Meta-Analysis of RCT: It is a statistical method of combining results from multiple randomised controlled trials for different indications in the form of a weighted average (some studies carries more weight than others) to determine overall trend or significance as an output. It helps in reducing information overload, find publication bias, if any and may explain heterogeneity between the results of individual studies.
Systematic Review: It is a synthesis of the results of several studies (including conflicting studies) so as to assess the strength of the evidence. A review is termed systematic if it is based on clearly formulated peer-reviewed protocols (in advance) such as research question, clear inclusion/exclusion criterion, explicit search strategy, critical appraisal, etc and employs the same level of scientific rigour as should be used to produce that research evidence in the first place. A systematic review is as good as the quality of the studies included in the review. A systematic review can be independently replicated. The first systematic review in evidence of homeopathy was published in 2000.
Systematic reviews often, but not always, use statistical techniques such as meta-analysis to combine results of the eligible studies. The purpose of both meta-analysis and systematic review is to obtain a better understanding of how the treatment works.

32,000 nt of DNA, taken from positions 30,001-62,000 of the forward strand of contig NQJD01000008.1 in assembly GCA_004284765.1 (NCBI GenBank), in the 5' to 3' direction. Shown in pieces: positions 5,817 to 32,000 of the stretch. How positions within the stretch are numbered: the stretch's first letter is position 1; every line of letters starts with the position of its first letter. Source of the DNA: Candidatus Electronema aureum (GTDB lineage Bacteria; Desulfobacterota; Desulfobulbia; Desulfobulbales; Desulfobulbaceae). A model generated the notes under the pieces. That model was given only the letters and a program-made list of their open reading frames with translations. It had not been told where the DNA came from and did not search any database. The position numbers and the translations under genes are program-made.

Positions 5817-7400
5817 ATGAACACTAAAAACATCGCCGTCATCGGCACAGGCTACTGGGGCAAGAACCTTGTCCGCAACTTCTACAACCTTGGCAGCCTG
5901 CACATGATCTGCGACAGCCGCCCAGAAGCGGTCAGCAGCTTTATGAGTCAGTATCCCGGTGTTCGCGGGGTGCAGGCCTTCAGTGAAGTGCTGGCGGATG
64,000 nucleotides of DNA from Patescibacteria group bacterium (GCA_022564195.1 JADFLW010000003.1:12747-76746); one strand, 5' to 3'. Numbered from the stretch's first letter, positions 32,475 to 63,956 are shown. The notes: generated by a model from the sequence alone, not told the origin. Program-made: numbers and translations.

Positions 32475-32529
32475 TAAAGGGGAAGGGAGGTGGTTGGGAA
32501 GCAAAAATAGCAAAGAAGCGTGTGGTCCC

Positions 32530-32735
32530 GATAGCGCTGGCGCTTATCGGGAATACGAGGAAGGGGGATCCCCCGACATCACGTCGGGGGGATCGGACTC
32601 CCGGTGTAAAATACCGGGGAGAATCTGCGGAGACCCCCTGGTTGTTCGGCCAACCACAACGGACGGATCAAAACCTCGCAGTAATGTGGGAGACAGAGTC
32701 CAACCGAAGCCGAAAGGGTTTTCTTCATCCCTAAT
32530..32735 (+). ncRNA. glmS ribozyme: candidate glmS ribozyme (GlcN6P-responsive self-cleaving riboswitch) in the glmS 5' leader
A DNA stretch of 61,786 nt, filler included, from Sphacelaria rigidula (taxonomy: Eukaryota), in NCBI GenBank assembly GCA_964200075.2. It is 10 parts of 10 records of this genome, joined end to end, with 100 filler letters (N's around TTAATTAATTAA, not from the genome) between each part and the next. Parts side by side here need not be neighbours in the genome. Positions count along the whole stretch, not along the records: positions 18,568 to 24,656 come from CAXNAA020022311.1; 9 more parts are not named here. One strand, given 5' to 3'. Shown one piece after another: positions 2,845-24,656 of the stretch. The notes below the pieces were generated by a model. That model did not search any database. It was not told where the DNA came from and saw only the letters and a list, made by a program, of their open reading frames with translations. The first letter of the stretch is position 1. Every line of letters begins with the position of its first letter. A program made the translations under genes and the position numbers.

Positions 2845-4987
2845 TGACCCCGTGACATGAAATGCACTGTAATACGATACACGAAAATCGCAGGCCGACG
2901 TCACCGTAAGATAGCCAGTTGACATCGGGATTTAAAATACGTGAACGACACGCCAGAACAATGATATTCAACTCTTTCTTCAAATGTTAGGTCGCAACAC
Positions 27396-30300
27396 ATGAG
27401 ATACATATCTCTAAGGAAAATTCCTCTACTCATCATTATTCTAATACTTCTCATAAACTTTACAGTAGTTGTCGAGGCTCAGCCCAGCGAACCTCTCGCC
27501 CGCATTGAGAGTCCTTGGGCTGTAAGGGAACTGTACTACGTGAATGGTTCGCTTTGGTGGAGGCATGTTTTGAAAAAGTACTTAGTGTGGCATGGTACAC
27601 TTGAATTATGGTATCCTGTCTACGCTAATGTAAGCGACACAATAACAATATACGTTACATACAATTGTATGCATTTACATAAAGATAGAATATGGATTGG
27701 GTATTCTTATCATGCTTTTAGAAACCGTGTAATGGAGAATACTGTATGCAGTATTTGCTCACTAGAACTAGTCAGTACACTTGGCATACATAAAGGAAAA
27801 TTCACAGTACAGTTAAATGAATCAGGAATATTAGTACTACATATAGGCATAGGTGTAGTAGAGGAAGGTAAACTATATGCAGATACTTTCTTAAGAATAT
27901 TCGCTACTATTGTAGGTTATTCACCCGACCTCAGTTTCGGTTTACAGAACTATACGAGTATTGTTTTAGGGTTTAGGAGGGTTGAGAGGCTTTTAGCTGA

A Compendium of 22 research articles (10 full-text PDF) on 11 systematic reviews and 11 meta-analysis in evidence of homeopathy. [click to tweet]
Inclusion Criterion: Human and in-vitro studies with statistically significant results in peer-reviewed articles in journals upto the year 2013
Exclusion Criterion: plant and animal studies, non-journal studies, radionically prepared or different potencies of same medicine mixed together
The first meta-analysis (on typhoid inoculation) was published in the British Medical Journal in 1904. The first meta-analysis of medical treatment was published in 1955. The first meta-analysis in evidence of homeopathy was published in 1991.
11 meta-analysis are classified into 3 categories: Comprehensive/global/broad spectrum of medical conditions (5), specific medical condition (5) and super-Avogadro dilution effect (1).
1. British Medical Journal
Clinical Trials of Homoeopathy (1991) FULL TEXT
81 (77%) out of 105 RCT (1943-1990) shows a statistically significant result for homeopathy and 15 out of 22 best quality studies are also statistically significant. Out of 81, 5 out of 5 of the clinical trials for hay fever showed a positive result and 8 out of 10 trials looking at mental or emotional problems showed a beneficial effect, while 6 out of 7 trials for infection showed that homeopathy could effectively relieve the problem.
“Based on this evidence we would be ready to accept that homoeopathy can be efficacious if only the mechanism of action were more plausible” and “the evidence presented in this review would probably be sufficient for establishing homoeopathy as a regular treatment for certain indications……..a conventional method would have been acknowledged with this amount of evidence”, the results are mostly favourable for homeopathy regarding the quality of trials.”
2. The Lancet
Are clinical effects of homeopathy placebo effects? A meta-analysis of placebo-controlled trials Linde et.al. (1997) FULL TEXT